updated 11/9/2006 3:13:27 PM ET 2006-11-09T20:13:27

Private aviation has taken off.

The wealthiest among us have long owned private jets or chartered flights to scoot them around the world at a moment's notice. But these days, there are myriad alternatives to simply flying in the first class cabin.

Fractional jet ownership lets you own a piece of a plane you might not need in its entirety; a fractional card or charter card gives you the right to fly a certain number of hours on planes in a particular fleet. Then there is a bevy of new air clubs and commercial services that provide all-first-class or all-business-class service.

Those benefits of such services can be considerable: customized itineraries; runway boarding; full galley kitchens staffed with private chefs; state-of-the-art, surround-sound entertainment systems; on-board concierges; pet care; child care; and leather and teak furnishings.

Interested? So are affluent consumers across the globe. And specialized options, created to accommodate corporations and individuals at a range of price points and levels of commitment, are fueling major industry growth.

The private aviation market has grown between 15% and 20% in the past 12 months, estimates Joe Moeggenberg, president of the Cincinnati-based Aviation Research Group U.S. Jet-ownership, charter programs and even major fractional jet providers don't count for much of that, and fractional providers alone have grown just 5% in the last year, says Moeggenberg. But innovative charter card programs have skyrocketed, increasing sales by close to 30%.

Sentient Jet, a Weymouth, Mass.-based private aviation company that follows the charter card model, is certainly feeling the lift.

"The company has tripled in size in 24 months," says Steve Hankin, chief executive of Sentient Jet. "Right now, our growth is well into 60, 70, 80% range year-over-year." He declines to release specific sales figures, however.

Sentient Jet membership can be purchased at two levels: Silver ($100,000) or Gold ($250,000). The account is debited for the number of hours spent in the air; rates vary depending on jet size, class and whether the trip is one-way or round-trip, but they start at $2,500 an hour.

If that sounds pricey--or too cheap--there are plenty of other options available depending on how often and how far you fly. Make the jump between New York and Los Angeles every week? You might want to consider membership in Avion Private Jet Club, a self-proclaimed "country club in the sky." Membership fees cost between $18,000 (for an individual) and $75,000 (for ten-member corporate access). On top of that, clients pay annual dues and a fee of $7,000 for each one-way cross-country seat on one of Avion's eight Gulfstream or Challenger jets. The company currently flies at least three times a week.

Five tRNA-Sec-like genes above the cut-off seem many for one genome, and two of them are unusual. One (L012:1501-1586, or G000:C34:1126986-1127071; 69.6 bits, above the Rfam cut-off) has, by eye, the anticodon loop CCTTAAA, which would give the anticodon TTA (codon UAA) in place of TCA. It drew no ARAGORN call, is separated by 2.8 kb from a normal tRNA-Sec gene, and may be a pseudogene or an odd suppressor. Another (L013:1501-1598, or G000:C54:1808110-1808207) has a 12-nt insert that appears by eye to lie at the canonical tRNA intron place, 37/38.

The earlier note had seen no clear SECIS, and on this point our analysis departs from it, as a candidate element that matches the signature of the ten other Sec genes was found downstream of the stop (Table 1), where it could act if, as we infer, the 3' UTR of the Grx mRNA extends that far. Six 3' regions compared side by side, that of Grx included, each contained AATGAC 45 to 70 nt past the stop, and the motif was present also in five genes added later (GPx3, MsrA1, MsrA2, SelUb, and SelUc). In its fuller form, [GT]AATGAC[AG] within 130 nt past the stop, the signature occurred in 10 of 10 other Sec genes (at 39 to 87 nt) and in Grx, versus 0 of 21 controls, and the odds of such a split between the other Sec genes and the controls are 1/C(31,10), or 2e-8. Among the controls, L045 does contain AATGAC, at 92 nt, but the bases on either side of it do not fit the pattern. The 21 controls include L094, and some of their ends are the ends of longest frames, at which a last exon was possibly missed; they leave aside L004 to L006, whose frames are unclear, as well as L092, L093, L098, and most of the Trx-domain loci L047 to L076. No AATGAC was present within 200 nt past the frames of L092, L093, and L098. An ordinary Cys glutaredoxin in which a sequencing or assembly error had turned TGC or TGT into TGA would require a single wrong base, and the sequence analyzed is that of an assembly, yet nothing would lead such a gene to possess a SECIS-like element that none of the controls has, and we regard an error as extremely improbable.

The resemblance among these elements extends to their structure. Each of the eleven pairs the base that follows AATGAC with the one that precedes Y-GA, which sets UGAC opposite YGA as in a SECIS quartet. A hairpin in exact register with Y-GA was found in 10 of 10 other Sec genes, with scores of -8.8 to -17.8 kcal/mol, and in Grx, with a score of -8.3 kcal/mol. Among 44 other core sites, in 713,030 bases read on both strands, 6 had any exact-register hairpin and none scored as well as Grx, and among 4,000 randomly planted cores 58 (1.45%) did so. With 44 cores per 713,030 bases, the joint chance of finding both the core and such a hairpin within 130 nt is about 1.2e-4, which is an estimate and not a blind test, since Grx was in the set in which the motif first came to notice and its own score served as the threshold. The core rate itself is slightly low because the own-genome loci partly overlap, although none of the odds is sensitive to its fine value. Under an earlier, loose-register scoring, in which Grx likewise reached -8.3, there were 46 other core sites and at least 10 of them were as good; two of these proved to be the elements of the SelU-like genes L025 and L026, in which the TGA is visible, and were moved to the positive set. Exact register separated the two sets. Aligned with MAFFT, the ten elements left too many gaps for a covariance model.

"My clients stopped flying commercially after Sept. 11, 2001," says Gary Mansour, chief executive of the Beverly Hills, Calif.-based company. "In the very beginning, it was for security reasons, fear of terrorism. Now it's more convenience than anything. In London this summer, you couldn't bring water on board? You can't bring your chap stick? People are just fed up with the inconvenience." Avion currently has 60 members, and Mansour aims for a total of 1,000 in the next three years.

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Mansour says many of these members are already participants in NetJets--the Berkshire Hathaway (nyse: BRKA - news - people ) subsidiary that pioneered fractional jet ownership--or Marquis Jet Card (NetJets' fractional card option). So why would anyone already plunking down at least $406,250 for a 1/16 interest in a Hawker 400XP (the starting cost of a NetJets share) need other options?

"It's economics," explains Mansour. "In an hourly card program, taking a jet smaller than ours round-trip from Los Angeles to New York would cost about $80,000."

If all this math has your head spinning faster than an airplane propeller, a fleet of industry service providers stand ready to advise wealthy individuals and corporations on their flight options. One of them, The Helium Report, a San Francisco-based buying guide for wealthy consumers, has introduced a decision guide for jet ownership, which divides the universe of private aviation options into five broad categories

"The evolution of the jet market has resulted in developed product sets that fit different consumer needs. We reduced those to five simple concepts," says Jamie Cheng, co-founder of The Helium Report.

To better understand your alternatives to first class, borrowed The Helium Report's five categories and added one of our own. The costs range from the $40 million-plus you would pay for your own Gulfstream, all the way down to a few thousand dollars. Now all you need is a place to go.

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